Drought spurs rigorous conservation efforts

The water level of Big Chico Creek as it runs through the Chico State campus on Feb. 17. Campus departments have been adjusting equipment and practices to conserve more water in California’s drought conditions. Photo credit: Catalina Friz

Chico State has responded to California’s ever-worsening drought by finding innovative ways to cut back on its water use on campus and at the University Farm.

Plumbing is on of the areas where water can be conserved, such as by replacing earlier faucet aerators with new ones that use only half the amount of water as before, said Bob Francis, lead plumber for Facilities Management and Services.

New toilets use 1.6 gallons per flush compared to the older ones which used 4.5 gallons per flush. Newer urinals being installed are either waterless or only use one pint of water whereas previously they used a gallon of water or more.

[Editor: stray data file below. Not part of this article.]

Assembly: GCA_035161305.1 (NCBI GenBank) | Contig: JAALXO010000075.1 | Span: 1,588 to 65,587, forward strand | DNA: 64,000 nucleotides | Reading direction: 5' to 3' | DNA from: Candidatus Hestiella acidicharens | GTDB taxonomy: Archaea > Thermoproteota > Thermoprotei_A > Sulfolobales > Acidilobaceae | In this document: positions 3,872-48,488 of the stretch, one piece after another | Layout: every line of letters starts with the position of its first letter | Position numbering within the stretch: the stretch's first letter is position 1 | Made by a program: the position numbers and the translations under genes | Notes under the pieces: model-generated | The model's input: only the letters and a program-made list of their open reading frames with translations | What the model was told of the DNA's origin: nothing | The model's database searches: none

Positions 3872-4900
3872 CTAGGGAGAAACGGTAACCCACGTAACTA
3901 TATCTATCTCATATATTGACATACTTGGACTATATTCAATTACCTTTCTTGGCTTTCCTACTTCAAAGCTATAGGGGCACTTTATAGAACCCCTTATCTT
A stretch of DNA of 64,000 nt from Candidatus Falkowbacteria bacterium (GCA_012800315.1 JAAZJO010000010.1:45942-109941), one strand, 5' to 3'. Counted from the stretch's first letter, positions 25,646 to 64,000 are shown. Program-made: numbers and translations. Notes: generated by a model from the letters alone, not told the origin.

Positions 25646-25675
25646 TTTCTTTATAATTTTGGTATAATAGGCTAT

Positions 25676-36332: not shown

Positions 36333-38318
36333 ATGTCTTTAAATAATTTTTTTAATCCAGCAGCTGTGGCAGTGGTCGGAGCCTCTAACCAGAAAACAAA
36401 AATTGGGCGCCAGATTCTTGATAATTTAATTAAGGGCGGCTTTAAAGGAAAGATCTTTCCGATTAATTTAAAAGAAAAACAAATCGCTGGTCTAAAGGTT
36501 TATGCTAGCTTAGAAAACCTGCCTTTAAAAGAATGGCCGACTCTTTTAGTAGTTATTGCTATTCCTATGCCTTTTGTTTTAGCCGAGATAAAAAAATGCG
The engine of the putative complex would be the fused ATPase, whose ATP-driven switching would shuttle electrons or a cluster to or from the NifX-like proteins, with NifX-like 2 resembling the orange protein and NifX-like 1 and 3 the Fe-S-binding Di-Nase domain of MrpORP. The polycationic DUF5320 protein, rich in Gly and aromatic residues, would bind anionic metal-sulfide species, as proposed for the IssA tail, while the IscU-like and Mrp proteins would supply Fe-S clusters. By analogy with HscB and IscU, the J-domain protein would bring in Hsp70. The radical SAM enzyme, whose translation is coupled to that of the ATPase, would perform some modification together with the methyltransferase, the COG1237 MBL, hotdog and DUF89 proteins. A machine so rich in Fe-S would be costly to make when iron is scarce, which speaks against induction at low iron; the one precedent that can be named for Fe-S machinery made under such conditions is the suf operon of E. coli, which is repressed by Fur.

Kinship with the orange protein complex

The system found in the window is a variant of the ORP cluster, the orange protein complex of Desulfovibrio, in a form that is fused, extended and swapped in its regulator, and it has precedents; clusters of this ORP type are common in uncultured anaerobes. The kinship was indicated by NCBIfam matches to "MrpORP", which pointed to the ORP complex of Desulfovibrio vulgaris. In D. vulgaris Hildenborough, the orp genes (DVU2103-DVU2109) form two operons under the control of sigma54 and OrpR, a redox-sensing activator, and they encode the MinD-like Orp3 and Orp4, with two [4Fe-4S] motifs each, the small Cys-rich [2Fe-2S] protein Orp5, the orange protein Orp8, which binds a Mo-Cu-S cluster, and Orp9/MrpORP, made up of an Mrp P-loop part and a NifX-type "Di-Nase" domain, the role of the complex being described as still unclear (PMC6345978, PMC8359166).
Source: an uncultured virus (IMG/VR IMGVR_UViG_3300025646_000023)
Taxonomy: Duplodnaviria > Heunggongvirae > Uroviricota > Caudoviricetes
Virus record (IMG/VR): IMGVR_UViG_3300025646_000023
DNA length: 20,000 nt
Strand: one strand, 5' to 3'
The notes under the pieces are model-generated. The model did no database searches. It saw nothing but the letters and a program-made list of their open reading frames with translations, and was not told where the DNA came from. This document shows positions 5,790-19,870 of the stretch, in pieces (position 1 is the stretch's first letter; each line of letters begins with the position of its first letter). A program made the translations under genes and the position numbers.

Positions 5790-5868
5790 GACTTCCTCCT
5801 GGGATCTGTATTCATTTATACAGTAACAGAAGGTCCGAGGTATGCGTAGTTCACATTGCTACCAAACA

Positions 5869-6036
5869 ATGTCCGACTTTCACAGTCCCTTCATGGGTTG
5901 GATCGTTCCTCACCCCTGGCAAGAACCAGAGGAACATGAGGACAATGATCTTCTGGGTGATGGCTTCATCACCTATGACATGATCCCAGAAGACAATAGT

Urinals in the Aymer J. Hamilton Building and Laxson Auditorium that flushed every three to four minutes, 24 hours a day, were replaced with ones that use water only when used or flushed, Francis said.

The department works to respond quickly to water issues reported in the building and encourages building occupants to report any water leaks as soon as possible.

The grounds and irrigation department at Chico State has also replaced older spray heads with more efficient rotating heads that deliver a much smaller amount of water. Calsense computer controls were installed on Chico State’s larger irrigation systems, Francis said.

This system measures evaporation, humidity and temperature, and watering times are automatically adjusted to times when water is needed, Francis said. If it is raining, the system will not water and turns itself completely off if necessary to avoid flooding.

The University Farm has also taken measures to conserve water as well.

“There has been an ongoing evolution of improving irrigation practices for many years,” said David Daley, interim dean of the University Farm. “Because of the drought, groundwater is less available and there is less water to go around.”

The farm has focused on improving its practices by modifying and improving the systems that they use.

“We can always improve,” Daley said. “In agriculture, part of what we do is make things better.”

Kristina Martinez can be reached at [email protected] or @theorion_news on Twitter.